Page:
Radioactive decay dating rocks
In other words, the hourglass only works when we know its initial condition.
Unlike the hourglass, we do not know how much of each isotope was in the rock in the beginning.
An hour glass is only useful if it is not disturbed.
But after rocks crystallize from molten magma, they can be heated and cooled; they can be affected by metamorphic events and groundwater.
Apart from the fatal problem of not knowing the initial conditions, there is another problem that is just as deadly.
We don’t know what happened to the rock during its ‘lifetime’.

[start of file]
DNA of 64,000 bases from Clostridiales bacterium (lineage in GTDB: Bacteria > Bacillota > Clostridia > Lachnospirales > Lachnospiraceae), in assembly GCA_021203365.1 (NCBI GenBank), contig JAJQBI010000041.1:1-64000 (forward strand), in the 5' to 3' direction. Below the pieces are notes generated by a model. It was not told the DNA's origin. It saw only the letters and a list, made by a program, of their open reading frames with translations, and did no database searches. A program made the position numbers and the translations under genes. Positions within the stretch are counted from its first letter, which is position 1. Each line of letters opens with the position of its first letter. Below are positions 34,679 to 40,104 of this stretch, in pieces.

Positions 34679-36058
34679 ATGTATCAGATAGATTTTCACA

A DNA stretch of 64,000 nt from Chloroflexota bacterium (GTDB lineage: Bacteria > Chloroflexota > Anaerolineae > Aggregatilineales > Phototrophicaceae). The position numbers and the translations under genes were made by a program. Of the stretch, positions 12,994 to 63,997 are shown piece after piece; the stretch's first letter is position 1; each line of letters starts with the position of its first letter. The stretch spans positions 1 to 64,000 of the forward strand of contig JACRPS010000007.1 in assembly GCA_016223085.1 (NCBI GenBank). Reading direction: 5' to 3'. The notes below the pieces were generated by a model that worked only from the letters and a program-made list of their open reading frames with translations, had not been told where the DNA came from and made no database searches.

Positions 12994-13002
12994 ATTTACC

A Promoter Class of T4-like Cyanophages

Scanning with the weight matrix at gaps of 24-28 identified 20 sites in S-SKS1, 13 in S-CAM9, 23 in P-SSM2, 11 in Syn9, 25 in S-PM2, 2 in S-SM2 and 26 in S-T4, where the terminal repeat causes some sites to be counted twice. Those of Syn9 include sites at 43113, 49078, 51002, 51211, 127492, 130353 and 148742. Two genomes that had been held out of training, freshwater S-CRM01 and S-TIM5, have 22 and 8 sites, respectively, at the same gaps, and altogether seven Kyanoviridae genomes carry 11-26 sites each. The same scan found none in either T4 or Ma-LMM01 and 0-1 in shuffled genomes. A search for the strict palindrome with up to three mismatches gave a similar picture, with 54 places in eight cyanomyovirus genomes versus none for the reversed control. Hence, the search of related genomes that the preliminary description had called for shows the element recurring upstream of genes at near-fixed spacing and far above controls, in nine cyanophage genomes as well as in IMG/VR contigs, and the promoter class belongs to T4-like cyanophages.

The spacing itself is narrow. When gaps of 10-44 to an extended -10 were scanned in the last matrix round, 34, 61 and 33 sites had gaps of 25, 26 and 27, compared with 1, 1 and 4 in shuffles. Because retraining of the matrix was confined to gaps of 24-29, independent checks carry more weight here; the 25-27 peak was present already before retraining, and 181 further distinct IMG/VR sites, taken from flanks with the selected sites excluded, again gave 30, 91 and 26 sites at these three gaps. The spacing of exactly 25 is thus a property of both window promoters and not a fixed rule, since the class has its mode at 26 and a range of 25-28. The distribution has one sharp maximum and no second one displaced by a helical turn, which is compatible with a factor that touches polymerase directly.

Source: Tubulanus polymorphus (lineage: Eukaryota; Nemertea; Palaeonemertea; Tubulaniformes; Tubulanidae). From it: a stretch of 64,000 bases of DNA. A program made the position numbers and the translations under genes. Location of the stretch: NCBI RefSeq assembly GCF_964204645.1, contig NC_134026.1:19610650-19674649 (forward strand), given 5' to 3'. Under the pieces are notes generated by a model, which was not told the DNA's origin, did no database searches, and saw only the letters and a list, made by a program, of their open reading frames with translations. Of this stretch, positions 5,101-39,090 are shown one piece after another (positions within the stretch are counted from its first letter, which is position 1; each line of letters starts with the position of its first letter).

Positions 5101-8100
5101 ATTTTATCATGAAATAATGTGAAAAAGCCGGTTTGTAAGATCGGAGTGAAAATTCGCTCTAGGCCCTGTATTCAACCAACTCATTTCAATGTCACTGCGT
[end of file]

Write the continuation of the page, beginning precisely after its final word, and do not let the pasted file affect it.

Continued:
This means that, on its own, a radioactive ‘date’ is meaningless. You may be surprised to learn that a geologist would never collect a rock at random and send it off for radioactive dating on its own. Every radioactive date has to be interpreted before anyone can say what it means.
What happens is that the geologist will carefully record exactly where he collected the rock.
Everything is composed of elements and there are about 90 naturally occurring ones, such as hydrogen, carbon, oxygen and iron.
Radioactive dating is often illustrated with an hour glass.
The sand grains at the top of the sealed glass are like the atoms of the parent isotope in the rock, and those at the bottom like the atoms of the daughter.
‘It’s only had two new heads and three new handles.’ The question is: how old was his axe? When a geologist hammers off a sample of rock he needs to know its history.
Different minerals would have crystallized at different times depending on the way the molten magma cooled.